1. Computers
  2. Display Drivers
  3. Graphics Cards
  4. Memory
  5. Motherboards
  6. Processors
  7. Software
  8. Storage
  9. Operating Systems


Facebook RSS Twitter Twitter Google Plus


Phoronix Test Suite

OpenBenchmarking.org

Linux I/O Scheduler Comparison On The Linux 3.4 Desktop

Michael Larabel

Published on 11 May 2012
Written by Michael Larabel
Page 1 of 4 - 28 Comments

At the request of Phoronix readers, and that the default I/O scheduler may change, here's a comparison of the CFQ, Deadline, and Noop schedulers on three systems and covering both rotating media (HDD) and solid-state storage (SSDs).

The hardware used for the comparison was an Intel Core 2 Duo T9300 laptop with a 100GB Hitachi HTS72201 SATA HDD, an Intel Core i5 2520M Sandy Bridge system with a 160GB Intel SSD, and an Intel Core i7 720QM Clarksfield notebook also with an Intel 160GB X-25 SSD. This article is primarily about publishing Linux desktop scheduler results while, hardware permitting, in another article will be workstation/server scheduler results.

All three systems were running Ubuntu 12.04 (x86_64) and formatted to EXT4 while the Linux kernel was upgraded to a Linux 3.4 kernel development snapshot.

CFQ, the Completely Fair Queuing scheduler, is the default scheduler for the mainline Linux kernel is what most distributions honor as the default.

The Noop scheduler is the simplest scheduler and based upon a FIFO model.

The Deadline scheduler attempts to guarantee the service start time of I/O requests.

The possible change coming up would be to move the default from CFQ to Deadline for modern, speedy solid-state drives (e.g. PCI Express-based SSDs).

A variety of disk centric workloads were run via the Phoronix Test Suite to gauge the three systems' performance with the CFQ / Deadline / Noop schedulers on Linux 3.4.

<< Previous Page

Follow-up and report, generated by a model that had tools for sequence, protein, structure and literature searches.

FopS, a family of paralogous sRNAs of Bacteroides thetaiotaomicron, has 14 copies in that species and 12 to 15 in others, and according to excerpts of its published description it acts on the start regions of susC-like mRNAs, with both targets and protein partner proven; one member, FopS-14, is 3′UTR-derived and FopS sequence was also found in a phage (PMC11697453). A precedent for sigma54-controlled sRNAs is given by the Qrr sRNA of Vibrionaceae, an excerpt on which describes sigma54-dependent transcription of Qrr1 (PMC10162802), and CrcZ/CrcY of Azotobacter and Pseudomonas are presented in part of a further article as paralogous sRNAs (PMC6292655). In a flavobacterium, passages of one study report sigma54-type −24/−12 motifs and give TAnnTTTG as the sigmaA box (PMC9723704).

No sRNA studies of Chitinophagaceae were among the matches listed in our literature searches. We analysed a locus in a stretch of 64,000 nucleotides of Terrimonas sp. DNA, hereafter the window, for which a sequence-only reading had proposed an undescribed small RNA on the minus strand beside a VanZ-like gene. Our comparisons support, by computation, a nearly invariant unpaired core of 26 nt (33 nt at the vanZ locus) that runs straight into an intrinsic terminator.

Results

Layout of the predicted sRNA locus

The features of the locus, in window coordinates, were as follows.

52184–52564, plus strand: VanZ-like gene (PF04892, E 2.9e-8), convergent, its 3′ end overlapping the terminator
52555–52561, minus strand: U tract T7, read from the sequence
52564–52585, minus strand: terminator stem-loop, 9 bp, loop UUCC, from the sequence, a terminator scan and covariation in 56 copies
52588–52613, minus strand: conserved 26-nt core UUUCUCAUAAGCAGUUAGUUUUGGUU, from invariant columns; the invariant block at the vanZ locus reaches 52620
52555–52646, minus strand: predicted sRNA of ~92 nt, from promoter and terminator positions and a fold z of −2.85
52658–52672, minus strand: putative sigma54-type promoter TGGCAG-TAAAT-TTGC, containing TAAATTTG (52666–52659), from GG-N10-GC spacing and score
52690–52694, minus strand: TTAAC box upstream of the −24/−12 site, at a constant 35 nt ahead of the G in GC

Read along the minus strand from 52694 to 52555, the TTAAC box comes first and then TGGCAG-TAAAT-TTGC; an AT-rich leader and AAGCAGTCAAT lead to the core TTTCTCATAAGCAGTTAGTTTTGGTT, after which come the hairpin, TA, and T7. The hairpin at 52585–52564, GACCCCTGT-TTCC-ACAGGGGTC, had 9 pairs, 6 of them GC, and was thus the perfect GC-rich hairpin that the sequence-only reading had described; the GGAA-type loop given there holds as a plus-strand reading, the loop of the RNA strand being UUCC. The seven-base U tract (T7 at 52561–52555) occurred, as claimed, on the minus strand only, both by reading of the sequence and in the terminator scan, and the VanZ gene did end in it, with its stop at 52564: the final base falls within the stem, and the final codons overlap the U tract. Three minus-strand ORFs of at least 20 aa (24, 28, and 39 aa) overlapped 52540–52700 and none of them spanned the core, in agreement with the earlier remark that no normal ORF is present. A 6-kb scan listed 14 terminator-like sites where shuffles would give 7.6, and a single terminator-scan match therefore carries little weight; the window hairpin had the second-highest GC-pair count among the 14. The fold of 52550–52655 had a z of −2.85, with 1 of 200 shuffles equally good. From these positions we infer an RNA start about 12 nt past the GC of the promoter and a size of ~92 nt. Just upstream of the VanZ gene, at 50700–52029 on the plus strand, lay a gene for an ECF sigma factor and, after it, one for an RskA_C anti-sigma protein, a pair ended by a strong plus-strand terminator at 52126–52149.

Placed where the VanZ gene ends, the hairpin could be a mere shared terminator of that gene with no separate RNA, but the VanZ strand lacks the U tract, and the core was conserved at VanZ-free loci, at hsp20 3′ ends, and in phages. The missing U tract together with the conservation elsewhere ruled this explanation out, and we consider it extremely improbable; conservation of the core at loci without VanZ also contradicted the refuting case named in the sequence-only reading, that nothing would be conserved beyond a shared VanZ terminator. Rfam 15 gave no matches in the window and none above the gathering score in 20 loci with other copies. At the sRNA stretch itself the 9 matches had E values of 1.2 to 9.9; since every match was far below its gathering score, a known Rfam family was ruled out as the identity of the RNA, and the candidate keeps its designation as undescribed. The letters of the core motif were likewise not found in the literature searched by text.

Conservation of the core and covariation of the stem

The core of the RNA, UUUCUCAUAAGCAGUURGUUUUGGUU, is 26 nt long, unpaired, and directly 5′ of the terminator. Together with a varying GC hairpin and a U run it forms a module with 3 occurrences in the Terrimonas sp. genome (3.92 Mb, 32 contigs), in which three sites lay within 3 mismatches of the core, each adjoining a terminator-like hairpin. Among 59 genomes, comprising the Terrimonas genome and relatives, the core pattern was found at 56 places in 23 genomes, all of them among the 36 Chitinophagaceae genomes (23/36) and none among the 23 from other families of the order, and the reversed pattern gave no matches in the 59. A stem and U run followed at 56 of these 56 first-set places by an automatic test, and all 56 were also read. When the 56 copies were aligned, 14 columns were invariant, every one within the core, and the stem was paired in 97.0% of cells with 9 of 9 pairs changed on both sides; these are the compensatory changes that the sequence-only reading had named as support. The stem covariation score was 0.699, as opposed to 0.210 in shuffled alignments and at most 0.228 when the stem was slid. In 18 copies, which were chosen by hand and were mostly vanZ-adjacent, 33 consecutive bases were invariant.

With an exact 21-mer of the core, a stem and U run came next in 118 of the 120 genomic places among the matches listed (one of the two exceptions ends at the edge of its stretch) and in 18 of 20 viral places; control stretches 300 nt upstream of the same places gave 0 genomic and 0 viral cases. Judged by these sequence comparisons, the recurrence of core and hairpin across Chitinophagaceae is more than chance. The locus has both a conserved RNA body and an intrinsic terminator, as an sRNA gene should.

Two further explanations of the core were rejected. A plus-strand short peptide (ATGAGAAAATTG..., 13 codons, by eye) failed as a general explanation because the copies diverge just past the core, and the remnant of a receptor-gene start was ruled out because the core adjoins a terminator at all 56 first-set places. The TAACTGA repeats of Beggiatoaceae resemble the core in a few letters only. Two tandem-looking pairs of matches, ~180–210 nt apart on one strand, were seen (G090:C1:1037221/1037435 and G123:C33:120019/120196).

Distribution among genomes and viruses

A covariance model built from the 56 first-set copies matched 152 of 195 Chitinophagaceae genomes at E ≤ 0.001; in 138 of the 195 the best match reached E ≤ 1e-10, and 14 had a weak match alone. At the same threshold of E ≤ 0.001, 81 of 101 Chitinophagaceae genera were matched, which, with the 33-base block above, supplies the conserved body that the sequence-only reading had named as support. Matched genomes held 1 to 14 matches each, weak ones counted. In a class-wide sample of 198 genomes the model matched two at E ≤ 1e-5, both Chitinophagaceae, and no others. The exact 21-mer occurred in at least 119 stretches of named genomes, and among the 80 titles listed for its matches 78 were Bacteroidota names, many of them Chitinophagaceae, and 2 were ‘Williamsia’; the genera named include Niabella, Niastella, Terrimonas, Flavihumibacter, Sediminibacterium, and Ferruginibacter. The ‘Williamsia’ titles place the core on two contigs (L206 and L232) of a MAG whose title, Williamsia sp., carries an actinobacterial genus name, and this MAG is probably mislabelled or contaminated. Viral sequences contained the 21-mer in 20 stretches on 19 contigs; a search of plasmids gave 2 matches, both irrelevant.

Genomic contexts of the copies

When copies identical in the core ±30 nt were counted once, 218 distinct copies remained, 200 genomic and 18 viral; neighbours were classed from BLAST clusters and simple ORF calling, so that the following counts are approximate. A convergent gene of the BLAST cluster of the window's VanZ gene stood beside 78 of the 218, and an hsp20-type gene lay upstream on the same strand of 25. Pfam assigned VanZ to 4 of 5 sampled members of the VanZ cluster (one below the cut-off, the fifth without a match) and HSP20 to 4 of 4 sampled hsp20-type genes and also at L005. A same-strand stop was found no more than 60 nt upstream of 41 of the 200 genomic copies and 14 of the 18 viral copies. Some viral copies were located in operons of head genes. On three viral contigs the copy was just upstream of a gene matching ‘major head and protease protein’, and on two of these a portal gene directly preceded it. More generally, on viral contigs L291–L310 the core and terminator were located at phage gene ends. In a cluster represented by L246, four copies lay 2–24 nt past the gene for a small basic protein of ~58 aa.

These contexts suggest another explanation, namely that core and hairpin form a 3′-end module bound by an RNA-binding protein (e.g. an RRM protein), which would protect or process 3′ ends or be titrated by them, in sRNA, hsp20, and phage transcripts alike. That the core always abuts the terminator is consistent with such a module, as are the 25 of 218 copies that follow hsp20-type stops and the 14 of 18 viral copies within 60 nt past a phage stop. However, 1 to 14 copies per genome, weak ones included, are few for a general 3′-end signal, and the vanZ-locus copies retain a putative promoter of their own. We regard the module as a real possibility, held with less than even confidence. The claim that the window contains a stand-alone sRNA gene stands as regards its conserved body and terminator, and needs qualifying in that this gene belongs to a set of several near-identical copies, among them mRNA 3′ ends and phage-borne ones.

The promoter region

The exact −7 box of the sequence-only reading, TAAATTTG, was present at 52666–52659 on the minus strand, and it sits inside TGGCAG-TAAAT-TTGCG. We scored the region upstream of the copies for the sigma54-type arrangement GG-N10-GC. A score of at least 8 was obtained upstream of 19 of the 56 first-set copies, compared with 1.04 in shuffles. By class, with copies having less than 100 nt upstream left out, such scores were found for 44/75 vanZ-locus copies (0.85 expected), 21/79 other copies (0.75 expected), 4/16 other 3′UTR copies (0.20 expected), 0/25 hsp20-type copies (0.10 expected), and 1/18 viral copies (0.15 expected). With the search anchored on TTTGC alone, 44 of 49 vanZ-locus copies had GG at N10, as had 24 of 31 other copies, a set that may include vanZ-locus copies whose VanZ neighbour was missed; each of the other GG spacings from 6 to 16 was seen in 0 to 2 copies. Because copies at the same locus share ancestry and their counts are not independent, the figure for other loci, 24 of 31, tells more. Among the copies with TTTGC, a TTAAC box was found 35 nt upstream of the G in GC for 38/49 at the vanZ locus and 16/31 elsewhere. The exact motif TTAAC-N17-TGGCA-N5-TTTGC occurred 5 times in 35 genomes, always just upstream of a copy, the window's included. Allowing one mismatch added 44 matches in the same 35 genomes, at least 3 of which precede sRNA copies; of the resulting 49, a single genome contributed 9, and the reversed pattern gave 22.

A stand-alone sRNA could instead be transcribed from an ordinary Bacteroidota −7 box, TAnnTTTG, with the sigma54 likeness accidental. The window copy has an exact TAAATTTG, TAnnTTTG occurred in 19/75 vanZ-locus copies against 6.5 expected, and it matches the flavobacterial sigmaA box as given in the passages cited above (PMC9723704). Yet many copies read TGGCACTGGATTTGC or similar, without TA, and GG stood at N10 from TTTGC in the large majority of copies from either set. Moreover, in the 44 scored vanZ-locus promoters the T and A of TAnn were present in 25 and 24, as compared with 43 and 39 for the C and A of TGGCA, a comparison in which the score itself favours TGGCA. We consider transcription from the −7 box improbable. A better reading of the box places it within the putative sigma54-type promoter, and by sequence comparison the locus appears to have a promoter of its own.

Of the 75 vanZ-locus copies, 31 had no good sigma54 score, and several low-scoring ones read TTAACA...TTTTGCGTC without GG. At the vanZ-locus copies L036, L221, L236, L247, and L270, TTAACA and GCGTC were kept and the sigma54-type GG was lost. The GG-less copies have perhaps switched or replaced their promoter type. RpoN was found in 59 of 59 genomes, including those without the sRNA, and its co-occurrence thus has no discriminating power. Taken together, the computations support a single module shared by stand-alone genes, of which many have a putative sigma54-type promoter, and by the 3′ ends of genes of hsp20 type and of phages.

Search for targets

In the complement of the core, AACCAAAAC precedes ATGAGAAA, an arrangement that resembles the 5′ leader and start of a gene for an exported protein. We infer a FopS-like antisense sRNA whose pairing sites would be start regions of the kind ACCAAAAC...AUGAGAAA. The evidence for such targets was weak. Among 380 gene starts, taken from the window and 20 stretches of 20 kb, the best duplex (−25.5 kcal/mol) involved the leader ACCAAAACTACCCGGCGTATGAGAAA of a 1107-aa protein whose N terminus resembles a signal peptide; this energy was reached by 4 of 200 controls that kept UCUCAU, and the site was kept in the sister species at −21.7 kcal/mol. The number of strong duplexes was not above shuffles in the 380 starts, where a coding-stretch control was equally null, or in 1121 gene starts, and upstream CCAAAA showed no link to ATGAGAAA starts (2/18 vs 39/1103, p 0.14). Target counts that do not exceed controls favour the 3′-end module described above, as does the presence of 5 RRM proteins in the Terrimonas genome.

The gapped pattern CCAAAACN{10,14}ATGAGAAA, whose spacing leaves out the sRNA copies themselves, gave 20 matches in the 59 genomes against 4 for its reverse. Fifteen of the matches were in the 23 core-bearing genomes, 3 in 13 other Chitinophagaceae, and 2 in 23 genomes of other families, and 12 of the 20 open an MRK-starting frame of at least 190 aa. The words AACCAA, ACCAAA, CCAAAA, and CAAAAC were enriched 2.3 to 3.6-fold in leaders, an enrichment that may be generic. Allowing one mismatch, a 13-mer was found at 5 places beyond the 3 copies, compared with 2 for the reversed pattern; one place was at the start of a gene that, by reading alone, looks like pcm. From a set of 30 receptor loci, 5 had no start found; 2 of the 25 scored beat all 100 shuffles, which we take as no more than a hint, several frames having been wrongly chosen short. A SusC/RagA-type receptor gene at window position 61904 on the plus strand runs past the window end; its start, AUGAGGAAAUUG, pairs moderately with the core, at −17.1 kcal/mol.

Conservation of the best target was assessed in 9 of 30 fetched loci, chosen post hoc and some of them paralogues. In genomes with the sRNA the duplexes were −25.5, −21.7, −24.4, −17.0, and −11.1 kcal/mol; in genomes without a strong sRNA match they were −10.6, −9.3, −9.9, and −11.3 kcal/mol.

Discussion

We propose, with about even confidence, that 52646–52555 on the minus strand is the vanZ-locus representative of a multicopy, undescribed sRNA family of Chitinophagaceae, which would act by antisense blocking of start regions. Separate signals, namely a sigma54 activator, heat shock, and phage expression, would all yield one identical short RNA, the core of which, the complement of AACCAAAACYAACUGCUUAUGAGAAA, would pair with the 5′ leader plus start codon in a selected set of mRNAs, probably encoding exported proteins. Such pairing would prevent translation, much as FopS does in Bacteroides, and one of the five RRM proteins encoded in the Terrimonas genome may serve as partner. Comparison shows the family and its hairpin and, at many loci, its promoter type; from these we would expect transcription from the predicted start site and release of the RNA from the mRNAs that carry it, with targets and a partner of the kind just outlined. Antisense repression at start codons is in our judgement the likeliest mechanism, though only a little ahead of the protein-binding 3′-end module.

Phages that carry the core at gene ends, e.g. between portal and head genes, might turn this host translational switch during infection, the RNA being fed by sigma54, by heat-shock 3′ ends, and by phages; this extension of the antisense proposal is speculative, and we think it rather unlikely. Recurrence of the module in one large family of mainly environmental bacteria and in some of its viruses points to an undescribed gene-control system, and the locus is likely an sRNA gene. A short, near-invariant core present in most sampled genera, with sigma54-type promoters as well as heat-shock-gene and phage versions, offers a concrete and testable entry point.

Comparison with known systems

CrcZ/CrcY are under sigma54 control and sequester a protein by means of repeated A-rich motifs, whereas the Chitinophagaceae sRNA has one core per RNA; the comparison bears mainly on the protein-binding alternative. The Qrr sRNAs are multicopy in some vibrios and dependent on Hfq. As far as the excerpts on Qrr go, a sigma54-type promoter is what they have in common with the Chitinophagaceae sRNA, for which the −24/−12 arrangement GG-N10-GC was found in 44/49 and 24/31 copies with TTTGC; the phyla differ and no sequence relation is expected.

1
Latest Linux Hardware Reviews
  1. Intel Xeon E5-1680 v3 & E5-2687W v3 Compared To The Core i7 5960X On Linux
  2. Intel 120GB 530 Series SSD Linux Performance
  3. Btrfs/EXT4/XFS/F2FS RAID 0/1/5/6/10 Linux Benchmarks On Four SSDs
  4. AMD's Windows Catalyst Driver Remains Largely Faster Than Linux Drivers
Latest Linux Articles
  1. Apple OS X 10.10 vs. Ubuntu 14.10 Performance
  2. Mesa 10.5-devel Brings Some Intel Haswell HD Graphics Changes Over Mesa 10.3
  3. NVIDIA vs. Nouveau Drivers With Linux 3.18 + Mesa 10.4-devel
  4. Is The Open-Source NVIDIA Driver Fast Enough For Steam On Linux Gaming?
Latest Linux News
  1. Meizu's Ubuntu Phone Not Expected Until Early Next Year
  2. DragonFlyBSD 4.0 Drops i386 Support, Improves Graphics
  3. Expensive "Free/Libre Software Laptop" Uses A NVIDIA GPU
  4. QEMU 2.2-rc3 Released, Final Release Pushed Back By Couple Days
  5. 64-bit ARM FreeBSD Support Is Taking Shape
  6. GCW Zero Starts Seeing New Game Releases
  7. Intel's Cherry Trail Delayed To Next Year
  8. Bq Introduces More Android Devices, But Still No Ubuntu Phones
  9. Qt 5.4 Release Candidate Expected Later This Week
  10. ArrayFire Accelerated Compute Library Open-Sourced
Latest Forum Discussions
  1. Updated and Optimized Ubuntu Free Graphics Drivers
  2. Hurrican SDL Port
  3. Roadmap to Catalyst 14.10 ?
  4. how to configure module phoromatic ?
  5. PulseAudio 6.0 Is Coming & Other Linux Audio Plans For The Future
  6. Debian Developer Resigns From The Systemd Maintainership Team
  7. Cant get working Kaveri APU - A10-7850k
  8. Script for Fan Speed Control